“I was going to help Uncle Ollie,’’ he told me, many years later. I still cringe when I visualize what those sportswriters on deadline must have been thinking about us kids.
Trying futilely to keep up with the group that day was my six-year old cousin Bruce, Uncle Ollie’s youngest son. He had almost reached us when out of nowhere a teen-age Ray Nitschke wanna be blindsided him.
Covered head-to-foot in mud, Bruce arose bawling, where upon a mud-clad Uncle Ollie gave him a stern look and promised Bruce that he would get a licking when they got home, all because Bruce had gotten his white pants soiled.
Although I was not present at the induction – Gramcie took my sister instead – I was overcome with emotion in 1972, when Uncle Ollie was enshrined into the Pro Football Hall of Fame, in his first year of eligibility.
Understandably then, the past several years were painful for me, watching my lifelong hero dissolve from the robust, world-class athlete that he once was into a bedridden convalescent, who for the final years of his life, was unable to speak.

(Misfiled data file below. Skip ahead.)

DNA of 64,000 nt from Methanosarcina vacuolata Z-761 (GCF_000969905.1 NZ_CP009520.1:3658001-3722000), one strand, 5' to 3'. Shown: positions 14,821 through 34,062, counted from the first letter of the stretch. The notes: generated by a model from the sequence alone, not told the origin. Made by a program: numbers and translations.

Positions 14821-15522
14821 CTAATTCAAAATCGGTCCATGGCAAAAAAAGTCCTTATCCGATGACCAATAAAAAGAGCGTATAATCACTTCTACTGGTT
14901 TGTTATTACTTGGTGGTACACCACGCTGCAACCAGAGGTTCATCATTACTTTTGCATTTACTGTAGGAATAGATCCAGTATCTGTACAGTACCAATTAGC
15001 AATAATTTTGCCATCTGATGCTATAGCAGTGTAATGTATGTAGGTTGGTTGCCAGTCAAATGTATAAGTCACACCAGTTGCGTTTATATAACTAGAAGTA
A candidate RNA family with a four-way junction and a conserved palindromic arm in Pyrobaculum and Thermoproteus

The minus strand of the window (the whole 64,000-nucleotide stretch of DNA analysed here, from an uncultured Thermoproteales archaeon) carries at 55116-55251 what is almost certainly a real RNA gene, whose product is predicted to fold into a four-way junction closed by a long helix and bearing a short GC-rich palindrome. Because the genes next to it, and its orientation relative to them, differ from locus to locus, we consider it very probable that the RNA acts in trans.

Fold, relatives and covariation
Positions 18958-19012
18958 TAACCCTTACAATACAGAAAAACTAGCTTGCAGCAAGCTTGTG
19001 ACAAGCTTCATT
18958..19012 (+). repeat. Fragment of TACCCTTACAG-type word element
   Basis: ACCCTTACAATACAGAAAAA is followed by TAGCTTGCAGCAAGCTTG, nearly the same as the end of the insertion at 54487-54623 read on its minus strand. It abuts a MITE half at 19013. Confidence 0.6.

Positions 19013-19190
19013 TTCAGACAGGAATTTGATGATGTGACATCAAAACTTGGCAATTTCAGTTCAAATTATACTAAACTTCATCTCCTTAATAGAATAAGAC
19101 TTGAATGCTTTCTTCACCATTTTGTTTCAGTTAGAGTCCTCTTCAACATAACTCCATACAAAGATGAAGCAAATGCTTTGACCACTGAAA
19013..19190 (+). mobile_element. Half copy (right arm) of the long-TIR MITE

His affliction was a form of dementia that doctors attributed to the head injuries that he suffered during his football career. A study in 2009, commissioned by the NFL, reported that Alzheimer’s disease or similar memory-related diseases appear to have been diagnosed in former NFL players at a significantly higher rate than for other men. The studies reported that it was 19 times the normal rate for men ages 30-49.
His physical deterioration had been extremely hard on my mother, Uncle Ollie’s only sibling, who had “talked’’ with him almost daily by phone and has flown down from Oakland as often as she could.
Uncle Ollie communicated with his eyes that shone bright, all the way to the end.
Before this disease ravaged him and robbed him of his capacities, my Uncle Ollie continued to run daily, as part of his workout routine. He was an active member of the NFL Alumni Association.
I choose to remember my uncle this way – as my hero, my advisor and the bigger than life figure he was to me.
Art Thompson III is a national award-winning sports writer, who has covered the NFL, the NBA, Major League Baseball and college sports.